whenever we need this extra information, we have to walk a bunch of
datasets to find it, so it's a little slower (but this performance hit
is usually small compared to the total time taken to perform the scrub).
Visitation Order Implementation
Now that we have (or will dig up on demand) the information we need,
how do we go about scrubbing in the correct order? We store a
pool-global "scrub queue" which is all the datasets that we
can do next. In particular, after we finish visiting each dataset, we put all
its next pointers (both the main next snapshot as well as any clones)
in the queue. Then we pull a dataset out of the queue and visit it.
We start with the $ORIGIN
, which has no data, so it will just
add every non-clone filesystem (or zvol, of course) to the queue. The
queue is implemented as a zap object, so the order we pull things out
of it is not well defined, but that is fine.
Now, we are visiting everything in syncing context in the right order.
If nothing changes (eg, snapshots taken or destroyed) then our
algorithm is complete. But as I mentioned, we just scrub a little bit
in each transaction group (aka sync phase), and pause the scrub to
allow the sync to complete and then restart next sync. Each time we
visit a block, we check to see if we should pause, based on how much
time has passed, and if anything is waiting for the sync to complete.
When we pause, we remember where we left off with a zbookmark_t, which
specifies the location by dataset, object, level, and blockid. When we
continue from a paused scrub, we traverse back to that point before we
continue scrubbing. Check outscrub_pause()
Dealing with Changes
Now, what if something changed while we were paused? There are a few
cases we need to worry about: dataset deletion, snapshot creation, and
"clone swap" which happens at the end of an incremental "zfs
When a dataset is destroyed, we need to see if any of our saved state
references this dataset, and if so then remove the dataset and add its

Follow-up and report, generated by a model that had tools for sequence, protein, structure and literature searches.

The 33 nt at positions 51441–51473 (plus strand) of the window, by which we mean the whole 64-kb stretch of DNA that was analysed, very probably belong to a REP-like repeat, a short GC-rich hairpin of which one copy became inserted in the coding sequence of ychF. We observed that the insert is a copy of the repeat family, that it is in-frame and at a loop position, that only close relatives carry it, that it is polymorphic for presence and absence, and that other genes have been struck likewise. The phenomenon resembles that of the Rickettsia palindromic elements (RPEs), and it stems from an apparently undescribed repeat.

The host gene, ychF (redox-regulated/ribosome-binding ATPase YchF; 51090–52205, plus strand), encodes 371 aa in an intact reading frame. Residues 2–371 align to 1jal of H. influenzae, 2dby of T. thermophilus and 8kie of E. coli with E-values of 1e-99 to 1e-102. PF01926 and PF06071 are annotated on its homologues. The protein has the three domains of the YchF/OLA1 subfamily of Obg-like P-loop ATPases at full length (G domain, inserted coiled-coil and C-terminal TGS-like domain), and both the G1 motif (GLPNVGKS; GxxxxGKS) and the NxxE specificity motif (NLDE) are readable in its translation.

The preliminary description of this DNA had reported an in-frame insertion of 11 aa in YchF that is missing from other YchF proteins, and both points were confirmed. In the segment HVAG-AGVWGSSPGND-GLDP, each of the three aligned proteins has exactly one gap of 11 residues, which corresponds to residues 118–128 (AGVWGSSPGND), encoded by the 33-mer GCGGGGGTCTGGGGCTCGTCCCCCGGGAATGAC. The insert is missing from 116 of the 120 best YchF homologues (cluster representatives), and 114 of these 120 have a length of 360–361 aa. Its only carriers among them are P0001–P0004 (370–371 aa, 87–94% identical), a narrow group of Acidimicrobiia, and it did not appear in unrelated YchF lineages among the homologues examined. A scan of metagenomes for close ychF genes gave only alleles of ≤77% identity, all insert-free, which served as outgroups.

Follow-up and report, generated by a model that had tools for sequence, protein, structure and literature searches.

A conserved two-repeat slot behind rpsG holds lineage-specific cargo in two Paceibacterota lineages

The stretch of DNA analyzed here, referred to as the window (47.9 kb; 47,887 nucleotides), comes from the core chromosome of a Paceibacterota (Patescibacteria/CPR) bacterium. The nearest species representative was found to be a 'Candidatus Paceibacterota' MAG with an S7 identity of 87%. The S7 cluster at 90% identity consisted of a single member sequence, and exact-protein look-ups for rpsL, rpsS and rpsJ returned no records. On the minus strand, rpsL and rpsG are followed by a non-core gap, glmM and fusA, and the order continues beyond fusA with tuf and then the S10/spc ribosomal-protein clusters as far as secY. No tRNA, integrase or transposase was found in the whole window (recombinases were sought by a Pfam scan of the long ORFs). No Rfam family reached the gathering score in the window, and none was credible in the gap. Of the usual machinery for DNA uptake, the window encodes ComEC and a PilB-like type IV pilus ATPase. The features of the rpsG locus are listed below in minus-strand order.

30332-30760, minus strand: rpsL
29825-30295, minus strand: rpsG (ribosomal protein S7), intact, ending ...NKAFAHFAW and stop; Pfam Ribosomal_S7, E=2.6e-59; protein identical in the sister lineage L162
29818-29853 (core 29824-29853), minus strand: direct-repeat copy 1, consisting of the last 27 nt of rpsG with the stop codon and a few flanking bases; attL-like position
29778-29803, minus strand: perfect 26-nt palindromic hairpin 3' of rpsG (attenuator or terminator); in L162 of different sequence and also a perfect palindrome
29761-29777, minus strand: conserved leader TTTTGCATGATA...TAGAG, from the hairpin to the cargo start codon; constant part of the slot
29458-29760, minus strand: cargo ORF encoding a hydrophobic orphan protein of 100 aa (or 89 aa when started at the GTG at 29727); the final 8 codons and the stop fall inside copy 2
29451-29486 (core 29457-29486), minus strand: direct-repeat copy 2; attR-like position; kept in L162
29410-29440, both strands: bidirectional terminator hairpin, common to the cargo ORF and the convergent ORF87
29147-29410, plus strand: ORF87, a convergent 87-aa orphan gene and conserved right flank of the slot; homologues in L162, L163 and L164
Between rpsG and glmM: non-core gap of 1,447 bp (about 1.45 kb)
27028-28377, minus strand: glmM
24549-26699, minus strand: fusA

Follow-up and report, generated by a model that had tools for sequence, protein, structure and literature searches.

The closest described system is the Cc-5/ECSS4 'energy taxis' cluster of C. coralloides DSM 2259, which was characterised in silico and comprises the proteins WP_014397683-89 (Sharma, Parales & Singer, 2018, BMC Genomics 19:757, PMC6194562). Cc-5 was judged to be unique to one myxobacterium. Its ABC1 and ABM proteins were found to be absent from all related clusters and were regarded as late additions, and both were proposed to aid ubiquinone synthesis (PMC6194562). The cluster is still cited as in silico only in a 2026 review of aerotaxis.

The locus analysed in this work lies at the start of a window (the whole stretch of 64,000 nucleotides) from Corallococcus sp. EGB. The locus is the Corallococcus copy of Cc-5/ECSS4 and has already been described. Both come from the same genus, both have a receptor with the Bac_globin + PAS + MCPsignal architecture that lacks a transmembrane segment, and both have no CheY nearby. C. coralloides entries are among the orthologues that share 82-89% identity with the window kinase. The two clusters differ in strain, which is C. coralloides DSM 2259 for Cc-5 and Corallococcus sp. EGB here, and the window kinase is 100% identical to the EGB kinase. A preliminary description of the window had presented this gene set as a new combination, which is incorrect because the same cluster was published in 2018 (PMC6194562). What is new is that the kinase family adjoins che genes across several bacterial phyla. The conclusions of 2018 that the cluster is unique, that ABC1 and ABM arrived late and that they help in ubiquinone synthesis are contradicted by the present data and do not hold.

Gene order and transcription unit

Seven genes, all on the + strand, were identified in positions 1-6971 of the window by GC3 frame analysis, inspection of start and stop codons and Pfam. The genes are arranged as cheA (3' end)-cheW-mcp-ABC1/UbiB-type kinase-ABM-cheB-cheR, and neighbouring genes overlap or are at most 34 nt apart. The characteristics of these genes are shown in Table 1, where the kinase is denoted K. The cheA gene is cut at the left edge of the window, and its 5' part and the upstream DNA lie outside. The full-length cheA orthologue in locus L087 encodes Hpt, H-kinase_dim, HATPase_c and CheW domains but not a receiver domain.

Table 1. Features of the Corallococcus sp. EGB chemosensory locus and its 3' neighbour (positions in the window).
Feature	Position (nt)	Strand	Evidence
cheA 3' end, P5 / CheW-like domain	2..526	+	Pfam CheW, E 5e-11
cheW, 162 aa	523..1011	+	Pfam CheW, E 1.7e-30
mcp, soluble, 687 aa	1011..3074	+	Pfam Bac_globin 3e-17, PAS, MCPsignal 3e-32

next pointer (the dataset following it). It's as though we "magically"
finished visiting that dataset and are ready to move on to it's next
pointer. This applies whether this is the dataset that we paused in
the middle of, or if it's a dataset that's in the queue. If it's the
dataset that we paused in the middle of, we need to reset the bookmark
to indicate that we are not in the middle of any dataset, so that we
will find a new dataset to scrub (by pulling something out of the
queue). (Note that any dataset being destroyed can't be cloned, so
there's only one next pointer.) You can see this happening in
If we snapshot a dataset that our saved state references, what could
happen? If we don't do anything special, then when we visit that
dataset, we'll see that it's previous snapshot was created very
recently, so we won't scrub very much of it. In fact, we won't scrub
anything useful, because we only need to scrub blocks that were created
before the scrub started. So we will neglect to scrub everything that
we should have done for that dataset. To correct this problem, in our
saved state we replace the snapshotted dataset with its newly-created
snapshot. Note that this works whether the saved dataset was in the
queue or was the dataset we paused in the middle of, in which case we
will pick up where we left off but in the new snapshot. You can see
this happening in
The last change we need to worry about is a little tricky. When we do
an incremental "zfs recv", we create a temporary clone of the most
recent snapshot, and initially receive the new data into that clone.
This way, the filesystem that's being logically received into can
remain mounted and accessible during the receive operation. But when
the receive completes, we have to switch the filesystem and its
temporary clone, so that the filesystem sees the new data. Although
this is logically just a "zfs promote" and some "zfs rename" and "zfs
set" operations, we implement it more simply by swapping the contents
(objsets) of the datasets. If the scrub code was unaware of this, then
it would not scrub the right thing -- for example, imagine that F and C
are the filesystem and its clone, and we have already scrubbed F, but C
is in the scrub queue, and we swap their contents. Then we would still
scrub C, but now its contents would be what F's were, which we already
scrubbed! The new contents of F would never be scrubbed. To handle
this, when we do the clone contents swap operation, we also swap the
dataset ID if either of them are stored in our saved state (again,
either the dataset we paused in the middle of, or the scrub queue).
You can see this happening in
We have solved a nasty bug by rewriting the scrub code to do its work
in syncing context, visiting datasets in order from oldest to newest.
I had to introduce a few new on-disk data structures so we can quickly
determine this order. And there are a few operations that the scrub
code needs to know about and account for. This work lays a bunch of
infrastructure that will be used by the upcoming device removal
feature. Stay tuned!